According to Seafish, the industry authority on seafood, young people could be attracted in to the industry by highlighting some of the unique perks and qualifications linked to these careers such as the potential to travel the world promoting seafood or learning survival skills whilst working on a fishing vessel.
With an aging workforce, the seafood industry is looking to reinvigorate the talent pool by providing a more holistic picture of all that the sector has to offer young people looking to get in to a rewarding career path. Seafish also highlight the seafood industry’s competitive wages, the variety of roles, apprenticeship and training options where people can ‘learn as you earn’ and quick career progression.
Through engaging case studies and a film, the stories of several vibrant and aspirational young people, forging successful careers in the seafood industry have been brought to life on the Seafish website.
Leading ambassadors of the campaign include:
- 18 year old North Devon fisherman, Ben Bengey, who was once the youngest skipper in the country;
- Emma Moffat, a fish buyer for Icelandic Seachill in Lincolnshire;
- husband and wife team, James and Bonny Ritchie who run award-winning Simpson’s Fish and Chips in Cheltenham;
- Bedford fishmonger George Hooper, 19, the youngest ever winner of the National Federation of Fishmongers British Fishcraft competition.
As well as promoting the campaign through schools, career advisors and recruitment consultants, Seafish is also encouraging industry ambassadors to share their own career highlights on Twitter.
Simon Potten, Head of Safety and Training at Seafish, said: “The seafood industry is a vibrant place to be right now with more choice of diverse and interesting careers than ever before.
“I believe young people will be drawn by the competitive salaries on offer, the interesting, diverse and challenging range of work to be found, the strong sense of community within the industry and the opportunity to travel. Seafood is a global industry and whether you are leaving school, college or university, I urge you to take a look and see what the seafood industry has to offer.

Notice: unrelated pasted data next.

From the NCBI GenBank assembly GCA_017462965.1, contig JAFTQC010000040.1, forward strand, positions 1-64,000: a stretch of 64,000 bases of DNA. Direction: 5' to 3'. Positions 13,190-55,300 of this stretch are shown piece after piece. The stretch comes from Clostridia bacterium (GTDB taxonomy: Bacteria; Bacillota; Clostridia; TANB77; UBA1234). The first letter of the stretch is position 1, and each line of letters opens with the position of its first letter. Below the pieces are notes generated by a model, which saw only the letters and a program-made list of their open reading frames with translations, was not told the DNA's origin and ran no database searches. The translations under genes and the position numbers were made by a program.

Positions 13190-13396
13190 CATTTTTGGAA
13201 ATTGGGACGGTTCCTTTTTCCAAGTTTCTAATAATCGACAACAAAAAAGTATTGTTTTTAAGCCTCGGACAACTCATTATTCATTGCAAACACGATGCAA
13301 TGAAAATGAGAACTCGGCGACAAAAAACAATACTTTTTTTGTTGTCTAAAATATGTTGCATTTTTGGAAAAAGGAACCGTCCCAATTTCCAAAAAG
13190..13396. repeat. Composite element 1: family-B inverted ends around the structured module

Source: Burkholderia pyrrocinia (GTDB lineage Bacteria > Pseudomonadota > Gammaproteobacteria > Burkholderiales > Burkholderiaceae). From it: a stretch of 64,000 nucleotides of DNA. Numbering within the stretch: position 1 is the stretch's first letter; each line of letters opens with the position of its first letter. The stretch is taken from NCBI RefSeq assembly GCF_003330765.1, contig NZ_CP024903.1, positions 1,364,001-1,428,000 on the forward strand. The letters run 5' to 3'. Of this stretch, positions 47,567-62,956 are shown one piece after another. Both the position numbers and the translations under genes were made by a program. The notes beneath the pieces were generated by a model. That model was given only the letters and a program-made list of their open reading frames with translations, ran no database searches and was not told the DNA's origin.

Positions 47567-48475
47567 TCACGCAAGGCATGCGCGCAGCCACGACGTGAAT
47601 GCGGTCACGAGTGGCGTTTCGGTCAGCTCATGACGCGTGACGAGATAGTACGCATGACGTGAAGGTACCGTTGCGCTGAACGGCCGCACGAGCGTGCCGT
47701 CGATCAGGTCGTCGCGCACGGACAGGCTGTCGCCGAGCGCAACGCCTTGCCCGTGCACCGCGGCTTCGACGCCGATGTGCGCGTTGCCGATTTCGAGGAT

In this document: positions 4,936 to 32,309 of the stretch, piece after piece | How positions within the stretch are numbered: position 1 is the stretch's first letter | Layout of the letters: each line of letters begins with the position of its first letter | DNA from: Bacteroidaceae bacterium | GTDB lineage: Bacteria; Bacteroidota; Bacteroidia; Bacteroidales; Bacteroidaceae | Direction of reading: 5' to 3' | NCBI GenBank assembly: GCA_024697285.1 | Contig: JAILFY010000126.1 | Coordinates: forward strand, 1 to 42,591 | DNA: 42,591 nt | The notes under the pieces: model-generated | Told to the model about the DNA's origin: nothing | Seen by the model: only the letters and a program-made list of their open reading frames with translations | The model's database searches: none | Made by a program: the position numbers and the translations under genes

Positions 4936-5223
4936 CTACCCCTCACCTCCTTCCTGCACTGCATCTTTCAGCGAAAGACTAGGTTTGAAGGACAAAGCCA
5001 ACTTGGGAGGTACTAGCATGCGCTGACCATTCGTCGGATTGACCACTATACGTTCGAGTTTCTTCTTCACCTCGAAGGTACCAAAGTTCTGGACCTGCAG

“We are calling on members of the seafood industry to back our campaign and get involved on social media. Let’s work together to let young people know they will be warmly welcomed into our industry.”
Emma Moffat, 28, is a Fish Buyer for Grimsby based seafood supplier Icelandic Seachill who employ 1400 staff in the UK, providing chilled fish to the UK retail market.
She has highlighted the many benefits of working in the seafood industry, and would encourage others to consider a career in the industry.
Emma said: “In my role I’ve been lucky enough to travel to Iceland, Holland and Brussels, along with numerous trips to Aberdeen and Peterhead. In the coming year, I’m hoping to spend time in Norway and Canada to gain an increased knowledge of fish sourcing on a more global scale.
“I receive a salary which I think is above average for someone of my age, and I know that the long hours I work are appreciated and recognised. I feel very fortunate to work for my current company as they have given me access to excellent training opportunities to help further my career.”
As well as launching the new campaign, Seafish is working with the Department for Business, Innovation and Skills (BIS) to develop new Trailblazer Apprenticeships for the seafood industry.